I hav found that there is something very non-materialist about light, repetitive work. I get all my best ideas that way.

  5. Jim F. on October 5, 2004 at 12:34 am

    Jack, I don’t think your reflections were at all goofy. I’ll have to think about them more–a good thing.

    Jim Richins, I don’t think I was surprised at the connection between the spirit and the body. That has been one of my intellectual hobby horses for a long time, so “surprise” isn’t quite the right description. But I experienced something like a testimony of the unity of spirit and body and of the sacredness of ordinary things.

    As for what was going on in my head: I was singing along silently. But I don’t think the hymn has special meaning for me, though it is one I like very much.

    Why did I describe “Jesus, Lover of My Soul” as anti-materialist? Good question without a particularly good answer. It seems to me that there is something other-worldly about the hymn, like so many other of Wesley’s hymns. Perhaps I was making an unconscious inference based on other things I know or on my ancient but influential Protestant background.

  6. Jack on October 5, 2004 at 1:03 am

    Jim, I’d be very interested in hearing your thoughts on the “connection between the spirit and the body”.

    However, please don’t let the fact that I’m a hairs breadth away from insanity and constantly clawing the walls of a darkened room as I try to make sense of the paradox of self, obligate you into generating a swift response to my comment. : )

  7. David King Landrith on October 5, 2004 at 9:24 am

    There seems to be a certain strain of Marxism contained within the belief that manual labor is good for the soul.

  8. lyle on October 5, 2004 at 10:12 am

    david:

    perhaps the causal errow (pun intended) works the opposite way? maybe Marx found some of the gospel. or mayhap i misunderstand.

  9. Jim Richins on October 5, 2004 at 11:07 am

    On the connection between spirit and body, I don’t think I have a very original or creative understanding. However, I do generally reject ideas that can be described as “mystical” or “metaphysical” in favor of a more scientific approach. As a scientist and engineer, I appreciate things that can be proven or measured. Perhaps my background contrasts sharply with Jack’s, who describes himself as having an artist’s disposition.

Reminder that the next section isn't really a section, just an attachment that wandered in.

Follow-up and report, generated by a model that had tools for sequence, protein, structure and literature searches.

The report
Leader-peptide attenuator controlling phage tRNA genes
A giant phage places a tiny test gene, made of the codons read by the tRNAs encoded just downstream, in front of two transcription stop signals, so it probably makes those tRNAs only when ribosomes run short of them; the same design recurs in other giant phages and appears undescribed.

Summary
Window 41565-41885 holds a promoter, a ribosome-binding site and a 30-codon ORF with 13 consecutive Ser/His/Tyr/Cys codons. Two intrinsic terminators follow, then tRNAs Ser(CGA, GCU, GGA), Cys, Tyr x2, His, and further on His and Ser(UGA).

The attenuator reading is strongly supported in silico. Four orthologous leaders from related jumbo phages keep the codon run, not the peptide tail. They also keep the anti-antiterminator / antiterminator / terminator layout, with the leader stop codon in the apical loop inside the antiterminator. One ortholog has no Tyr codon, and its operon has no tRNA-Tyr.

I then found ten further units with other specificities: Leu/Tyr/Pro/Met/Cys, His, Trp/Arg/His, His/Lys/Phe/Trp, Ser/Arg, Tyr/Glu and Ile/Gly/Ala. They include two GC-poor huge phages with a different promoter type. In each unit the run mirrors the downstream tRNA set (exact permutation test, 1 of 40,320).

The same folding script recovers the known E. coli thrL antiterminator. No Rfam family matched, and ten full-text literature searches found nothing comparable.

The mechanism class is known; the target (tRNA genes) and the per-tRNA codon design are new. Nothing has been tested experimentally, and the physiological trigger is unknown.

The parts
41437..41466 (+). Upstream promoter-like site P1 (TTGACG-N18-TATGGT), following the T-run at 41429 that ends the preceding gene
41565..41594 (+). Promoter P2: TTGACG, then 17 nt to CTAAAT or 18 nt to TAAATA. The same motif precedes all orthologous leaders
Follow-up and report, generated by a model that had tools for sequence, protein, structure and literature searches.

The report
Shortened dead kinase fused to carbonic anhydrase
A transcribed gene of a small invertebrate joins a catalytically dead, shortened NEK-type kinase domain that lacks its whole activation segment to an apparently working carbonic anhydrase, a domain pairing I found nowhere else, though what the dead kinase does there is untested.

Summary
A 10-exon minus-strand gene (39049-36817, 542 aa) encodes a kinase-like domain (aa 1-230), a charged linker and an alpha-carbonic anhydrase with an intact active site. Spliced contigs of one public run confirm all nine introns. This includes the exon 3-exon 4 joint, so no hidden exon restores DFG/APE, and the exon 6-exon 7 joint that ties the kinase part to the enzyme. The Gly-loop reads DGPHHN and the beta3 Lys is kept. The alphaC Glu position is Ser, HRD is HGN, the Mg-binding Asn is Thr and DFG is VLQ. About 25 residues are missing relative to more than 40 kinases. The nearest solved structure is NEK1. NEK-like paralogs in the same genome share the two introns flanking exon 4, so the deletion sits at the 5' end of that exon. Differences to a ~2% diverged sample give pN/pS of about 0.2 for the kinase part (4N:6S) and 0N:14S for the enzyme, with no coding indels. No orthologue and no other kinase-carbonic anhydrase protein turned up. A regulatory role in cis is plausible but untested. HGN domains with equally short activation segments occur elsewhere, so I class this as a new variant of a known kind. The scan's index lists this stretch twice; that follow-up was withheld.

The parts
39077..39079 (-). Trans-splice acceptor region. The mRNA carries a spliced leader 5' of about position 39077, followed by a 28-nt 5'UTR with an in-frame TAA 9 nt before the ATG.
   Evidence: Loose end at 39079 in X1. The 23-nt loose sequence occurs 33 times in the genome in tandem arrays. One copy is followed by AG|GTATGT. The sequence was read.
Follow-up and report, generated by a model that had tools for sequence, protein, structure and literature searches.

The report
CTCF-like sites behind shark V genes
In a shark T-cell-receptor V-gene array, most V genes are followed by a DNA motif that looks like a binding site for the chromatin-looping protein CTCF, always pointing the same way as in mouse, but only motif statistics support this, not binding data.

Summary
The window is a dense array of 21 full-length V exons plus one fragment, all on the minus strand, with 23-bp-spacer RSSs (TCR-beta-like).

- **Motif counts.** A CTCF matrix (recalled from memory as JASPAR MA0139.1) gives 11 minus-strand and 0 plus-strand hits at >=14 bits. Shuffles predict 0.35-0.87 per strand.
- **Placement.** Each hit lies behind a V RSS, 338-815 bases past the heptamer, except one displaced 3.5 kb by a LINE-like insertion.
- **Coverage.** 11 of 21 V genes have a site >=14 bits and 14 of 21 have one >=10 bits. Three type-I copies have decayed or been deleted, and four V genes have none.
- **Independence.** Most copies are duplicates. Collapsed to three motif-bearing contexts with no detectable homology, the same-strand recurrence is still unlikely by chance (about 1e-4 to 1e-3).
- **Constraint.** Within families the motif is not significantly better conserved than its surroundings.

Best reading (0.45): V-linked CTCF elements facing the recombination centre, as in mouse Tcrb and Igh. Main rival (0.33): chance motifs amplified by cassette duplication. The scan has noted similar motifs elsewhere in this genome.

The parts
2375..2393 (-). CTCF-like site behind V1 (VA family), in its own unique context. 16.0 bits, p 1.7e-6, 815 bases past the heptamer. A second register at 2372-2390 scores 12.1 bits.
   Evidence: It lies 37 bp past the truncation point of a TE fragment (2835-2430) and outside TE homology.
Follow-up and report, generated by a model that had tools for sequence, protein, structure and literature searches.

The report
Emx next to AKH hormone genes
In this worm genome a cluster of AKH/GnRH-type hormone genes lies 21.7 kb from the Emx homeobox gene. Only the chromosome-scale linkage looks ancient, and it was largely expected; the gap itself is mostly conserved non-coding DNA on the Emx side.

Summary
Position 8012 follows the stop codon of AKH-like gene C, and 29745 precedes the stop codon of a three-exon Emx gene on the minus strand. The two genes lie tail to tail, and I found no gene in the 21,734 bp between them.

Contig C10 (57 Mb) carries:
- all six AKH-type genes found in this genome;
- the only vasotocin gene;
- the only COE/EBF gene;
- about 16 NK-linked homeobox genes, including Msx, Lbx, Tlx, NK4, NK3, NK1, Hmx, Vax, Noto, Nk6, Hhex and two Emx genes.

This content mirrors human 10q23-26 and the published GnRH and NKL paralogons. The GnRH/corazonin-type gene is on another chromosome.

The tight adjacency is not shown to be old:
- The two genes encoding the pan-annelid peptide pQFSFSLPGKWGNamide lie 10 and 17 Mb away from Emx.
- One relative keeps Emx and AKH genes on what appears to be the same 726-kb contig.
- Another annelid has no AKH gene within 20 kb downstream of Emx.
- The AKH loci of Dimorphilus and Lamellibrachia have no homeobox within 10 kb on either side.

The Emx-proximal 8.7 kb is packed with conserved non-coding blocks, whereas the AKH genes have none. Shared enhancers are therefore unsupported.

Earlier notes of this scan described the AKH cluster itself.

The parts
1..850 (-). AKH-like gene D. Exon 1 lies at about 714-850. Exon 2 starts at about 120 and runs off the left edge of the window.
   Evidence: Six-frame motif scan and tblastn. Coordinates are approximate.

That is not to say that a scientist does not believe in things that can not be seen – quite the contrary, there are phenomena undetectable by our natural senses, which nevertheless affect our physical environment. Traditionally, we understand the 5 human senses to be sight, sound, touch, smell, and taste. Personally, I don’t like this list, as it describes the range of human senses based on discrete specialized organs, but it practically works.

    If human beings possessed, say, a magnetic-sense (like I think birds and turtles have he capability to detect the earths magnetic field – don’t quote me on that, I’m not a zoologist), it would surely affect how people conceptualize their place in the world, and would have influenced human civilization over time. I can imagine streets laid out in orthogonal directions, in a nice grid pattern in virtually every city throughout the world (a Utah tongue in cheek).

    Who knows what other effects would arise from having an innate magentic-sense? Human beings now use metaphors for travel/navigation to describe life challenges (e.g. “…follow a difficult road”, “…take the high road”, “…the death of my friend put me on a different path”). If humans possessed a magnetic-sense, and if society consistently built towns and cities with orthogonal streets, how might these metaphors be changed? With a change in metaphor, how would human beings approach challenges in life differently?

    Humanity defines itself collectively and individually in ways fundamentally linked to our natural senses. Because this link is so fundamental, it is not immediately obvious.

    Sensory perception forms the basis for self-conceptualization, which moves us into a consideration of consciousness. Human beings interact with the physical world via their bodily senses, but they understand the world in their mind. Based on these sensory inputs, each individual constructs mentally a virtual world in which his/her identity exists. It is a mental map that mimics the “real” inputs of our senses, but this map is not isotropic and co-terminal with the physical world. All the phenomena that human beings can not naturally detect start out having absolutely no place in our mental maps.